These are trying times for Europe, and Jean-Claude Juncker is smack dab in the eye of the storm.
As president of the European Commission, Mr. Juncker represents an ideal, European integration, that is under attack from all sides. Britain has outright rejected the European Union and far-right firebrand Marine Le Pen, though defeated, had a historic showing in France's presidential election on an anti-EU platform. Meanwhile, tensions are also running high with the bloc's two most important neighbors - Turkey and Russia.
But Mr. Juncker, who spoke with Handelsblatt during an event at the Bonn Academy for Research and Teaching of Practical Politics, still believes in Europe's future.
Handelsblatt: Mr. President, the anti-EU National Front lost the election in France, where a passionate European was elected as the new French president. Hundreds of European flags were flown in Europe on the evening of the election. Does this make you happy?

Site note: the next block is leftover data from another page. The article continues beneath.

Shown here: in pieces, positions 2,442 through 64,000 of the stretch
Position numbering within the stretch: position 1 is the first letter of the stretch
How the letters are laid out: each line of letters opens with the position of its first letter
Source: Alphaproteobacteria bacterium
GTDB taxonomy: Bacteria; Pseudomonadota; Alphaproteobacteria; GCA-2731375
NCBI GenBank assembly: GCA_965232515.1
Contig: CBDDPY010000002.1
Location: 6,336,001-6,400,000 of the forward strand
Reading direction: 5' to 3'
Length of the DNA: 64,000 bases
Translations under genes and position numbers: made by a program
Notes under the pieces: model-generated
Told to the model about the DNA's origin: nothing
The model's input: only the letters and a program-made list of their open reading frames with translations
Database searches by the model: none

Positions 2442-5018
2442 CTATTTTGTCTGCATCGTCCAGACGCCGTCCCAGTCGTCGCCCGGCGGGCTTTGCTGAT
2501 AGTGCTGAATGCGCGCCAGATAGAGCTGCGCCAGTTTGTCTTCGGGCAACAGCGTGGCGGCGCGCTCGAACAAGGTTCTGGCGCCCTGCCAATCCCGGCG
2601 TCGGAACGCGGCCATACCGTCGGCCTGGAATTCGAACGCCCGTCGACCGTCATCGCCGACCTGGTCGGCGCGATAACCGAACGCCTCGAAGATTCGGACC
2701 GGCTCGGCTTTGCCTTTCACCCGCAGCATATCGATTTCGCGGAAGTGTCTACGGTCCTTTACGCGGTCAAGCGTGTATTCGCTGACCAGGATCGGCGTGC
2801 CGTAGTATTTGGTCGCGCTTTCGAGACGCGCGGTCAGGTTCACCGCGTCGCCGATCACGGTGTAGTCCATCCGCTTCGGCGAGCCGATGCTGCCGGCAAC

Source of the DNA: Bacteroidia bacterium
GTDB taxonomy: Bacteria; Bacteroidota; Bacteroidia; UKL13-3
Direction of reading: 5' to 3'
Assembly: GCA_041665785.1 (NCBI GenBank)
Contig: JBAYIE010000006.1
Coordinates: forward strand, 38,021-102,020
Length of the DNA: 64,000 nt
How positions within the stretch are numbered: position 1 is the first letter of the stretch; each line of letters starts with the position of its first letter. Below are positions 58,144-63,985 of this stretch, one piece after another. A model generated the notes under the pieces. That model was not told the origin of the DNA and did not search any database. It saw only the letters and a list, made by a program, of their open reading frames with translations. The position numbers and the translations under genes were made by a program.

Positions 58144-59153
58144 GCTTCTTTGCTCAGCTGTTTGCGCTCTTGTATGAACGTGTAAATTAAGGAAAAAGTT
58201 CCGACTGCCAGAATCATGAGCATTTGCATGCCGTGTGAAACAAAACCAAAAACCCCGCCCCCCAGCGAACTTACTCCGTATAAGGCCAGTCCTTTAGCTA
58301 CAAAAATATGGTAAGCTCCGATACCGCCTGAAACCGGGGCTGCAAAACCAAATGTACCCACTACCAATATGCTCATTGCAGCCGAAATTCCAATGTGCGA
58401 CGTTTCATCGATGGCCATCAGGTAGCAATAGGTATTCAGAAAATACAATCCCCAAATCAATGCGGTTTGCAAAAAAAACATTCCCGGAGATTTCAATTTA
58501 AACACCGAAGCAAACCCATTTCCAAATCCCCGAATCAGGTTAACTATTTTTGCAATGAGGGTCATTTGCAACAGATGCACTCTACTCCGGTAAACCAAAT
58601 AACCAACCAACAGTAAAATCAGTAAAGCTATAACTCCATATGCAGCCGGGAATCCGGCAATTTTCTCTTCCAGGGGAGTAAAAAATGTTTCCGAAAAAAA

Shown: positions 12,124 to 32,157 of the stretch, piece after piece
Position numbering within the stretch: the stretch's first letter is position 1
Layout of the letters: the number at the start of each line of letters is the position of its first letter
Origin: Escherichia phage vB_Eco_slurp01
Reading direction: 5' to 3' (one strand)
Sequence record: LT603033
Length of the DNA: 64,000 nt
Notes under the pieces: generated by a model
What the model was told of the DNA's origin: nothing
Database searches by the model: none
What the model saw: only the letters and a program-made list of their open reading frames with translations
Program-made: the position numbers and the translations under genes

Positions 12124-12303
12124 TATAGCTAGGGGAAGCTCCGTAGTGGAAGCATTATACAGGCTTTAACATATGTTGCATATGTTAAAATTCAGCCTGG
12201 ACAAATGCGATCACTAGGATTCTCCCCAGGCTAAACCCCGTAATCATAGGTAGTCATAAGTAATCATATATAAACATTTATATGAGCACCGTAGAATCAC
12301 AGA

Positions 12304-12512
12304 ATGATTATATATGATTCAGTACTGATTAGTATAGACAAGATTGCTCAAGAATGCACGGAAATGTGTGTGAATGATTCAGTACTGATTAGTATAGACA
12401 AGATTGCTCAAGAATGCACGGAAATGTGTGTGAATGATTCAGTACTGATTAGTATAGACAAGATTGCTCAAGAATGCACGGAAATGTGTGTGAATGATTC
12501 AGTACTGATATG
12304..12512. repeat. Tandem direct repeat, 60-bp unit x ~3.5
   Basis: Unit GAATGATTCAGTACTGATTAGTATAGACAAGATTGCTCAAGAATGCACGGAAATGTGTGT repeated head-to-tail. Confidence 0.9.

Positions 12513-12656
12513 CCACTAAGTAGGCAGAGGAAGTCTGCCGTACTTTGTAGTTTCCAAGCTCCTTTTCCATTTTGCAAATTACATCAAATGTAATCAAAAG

Mr. Juncker: I don’t see happiness as a political category. Of course, I am very pleased by the outcome of the French election, because the movement from the right was slowed down. However, this doesn't mean that Marine Le Pen has been eliminated. Eleven million French citizens voted for her. The ground is still fertile. We must not forget that.
If you had time to glance in the direction of Kiel on the evening of the French election, you witnessed the Social Democratic Party of your friend Martin Schulz chalking up another loss. Do you feel pity?
I am not responsible for the state of the SPD. If I can contribute to Mr. Schulz's well-being, I will do so.
Emmanuel Macron, a former socialist and now an independent, was more successful. What do you expect of the new French president?
I expect him to clean up France's public finances. This is urgently needed. I expect him to move the euro zone forward, and I expect him not to give any anti-European speeches in France.... And I expect him to promote a greater understanding within the European Union of Europe's responsibilities in the world. For instance, we need to pay a lot more attention to Africa than we have so far.
Is Mr. Macron your new favorite European?